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Companion encyclopedia of Middle Eastern and North African film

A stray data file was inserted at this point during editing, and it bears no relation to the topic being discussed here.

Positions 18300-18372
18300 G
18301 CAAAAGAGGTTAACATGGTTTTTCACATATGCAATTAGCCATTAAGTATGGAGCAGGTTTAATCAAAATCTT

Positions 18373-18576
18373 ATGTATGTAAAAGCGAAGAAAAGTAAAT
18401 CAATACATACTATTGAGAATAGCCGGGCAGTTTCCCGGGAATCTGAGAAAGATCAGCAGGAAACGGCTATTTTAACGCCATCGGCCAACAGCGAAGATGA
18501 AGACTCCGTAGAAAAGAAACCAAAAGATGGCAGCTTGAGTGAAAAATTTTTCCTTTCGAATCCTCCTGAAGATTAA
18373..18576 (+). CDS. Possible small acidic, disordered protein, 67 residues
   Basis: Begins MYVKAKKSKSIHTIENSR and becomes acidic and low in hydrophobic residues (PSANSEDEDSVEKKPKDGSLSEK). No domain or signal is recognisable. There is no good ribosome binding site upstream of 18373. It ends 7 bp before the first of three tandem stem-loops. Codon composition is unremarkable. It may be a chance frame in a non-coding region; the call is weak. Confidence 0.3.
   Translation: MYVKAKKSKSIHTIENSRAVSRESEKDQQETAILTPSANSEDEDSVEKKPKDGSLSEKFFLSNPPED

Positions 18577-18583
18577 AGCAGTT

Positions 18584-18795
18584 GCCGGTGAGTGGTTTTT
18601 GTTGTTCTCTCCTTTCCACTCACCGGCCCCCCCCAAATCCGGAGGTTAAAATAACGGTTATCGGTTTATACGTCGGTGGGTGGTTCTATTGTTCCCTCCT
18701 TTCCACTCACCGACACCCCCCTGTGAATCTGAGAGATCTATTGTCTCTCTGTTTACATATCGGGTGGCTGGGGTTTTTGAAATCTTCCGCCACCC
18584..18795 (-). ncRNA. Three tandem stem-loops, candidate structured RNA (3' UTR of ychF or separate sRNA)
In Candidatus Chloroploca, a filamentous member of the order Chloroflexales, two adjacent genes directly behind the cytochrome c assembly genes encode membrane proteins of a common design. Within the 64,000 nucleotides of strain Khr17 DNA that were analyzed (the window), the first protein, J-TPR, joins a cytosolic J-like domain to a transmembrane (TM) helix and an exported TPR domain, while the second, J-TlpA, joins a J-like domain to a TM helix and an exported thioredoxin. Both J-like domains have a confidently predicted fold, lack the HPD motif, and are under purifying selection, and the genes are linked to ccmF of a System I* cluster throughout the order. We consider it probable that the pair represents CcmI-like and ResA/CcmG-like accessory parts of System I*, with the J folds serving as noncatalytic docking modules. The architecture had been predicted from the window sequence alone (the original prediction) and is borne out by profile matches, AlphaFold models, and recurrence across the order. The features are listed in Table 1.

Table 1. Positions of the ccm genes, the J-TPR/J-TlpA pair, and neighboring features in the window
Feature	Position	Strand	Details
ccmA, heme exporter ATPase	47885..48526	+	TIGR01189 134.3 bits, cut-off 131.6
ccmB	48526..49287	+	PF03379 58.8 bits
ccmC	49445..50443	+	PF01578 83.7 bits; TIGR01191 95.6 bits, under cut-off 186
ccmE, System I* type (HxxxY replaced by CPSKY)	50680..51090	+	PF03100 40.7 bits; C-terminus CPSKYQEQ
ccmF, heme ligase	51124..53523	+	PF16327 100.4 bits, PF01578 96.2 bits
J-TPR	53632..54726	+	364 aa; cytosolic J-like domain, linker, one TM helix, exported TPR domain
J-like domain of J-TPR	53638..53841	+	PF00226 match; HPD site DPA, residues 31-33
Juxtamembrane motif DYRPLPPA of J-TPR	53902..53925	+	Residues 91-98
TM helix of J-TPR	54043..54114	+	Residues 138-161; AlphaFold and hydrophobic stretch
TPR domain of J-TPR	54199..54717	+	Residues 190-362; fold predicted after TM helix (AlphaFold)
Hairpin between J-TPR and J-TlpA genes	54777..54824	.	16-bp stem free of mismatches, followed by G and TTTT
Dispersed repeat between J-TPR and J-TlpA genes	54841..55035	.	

Cinema, as a Western form of visual expression and entertainment, did not encounter resistance in Turkey, a country culturally and geographically bridging East and West. It perfectly represented the ambivalent attitudes of the national / cultural identity under construction. On one hand, cinema came as a sign of modernization / Westernization, not only for the images of the West being projected onto the screen, but also for the conditions of its reception. Cinematography was a technological innovation imported from the West and the ritual of going to the movies became an important part of the modern urban experience. On the other hand, cinema offered possibilities for the production of a ‘national discourse’. Many of the early feature films reflect the ‘birth of a nation’ or resistance to the Allied Forces during World War I. The audience was already familiar with the apparatus (theatre, screen, figures, music and sound, light and shadow), which bore some resemblance to the traditional Turkish shadowplay Karagöz, one of the most popular entertainment forms of the past.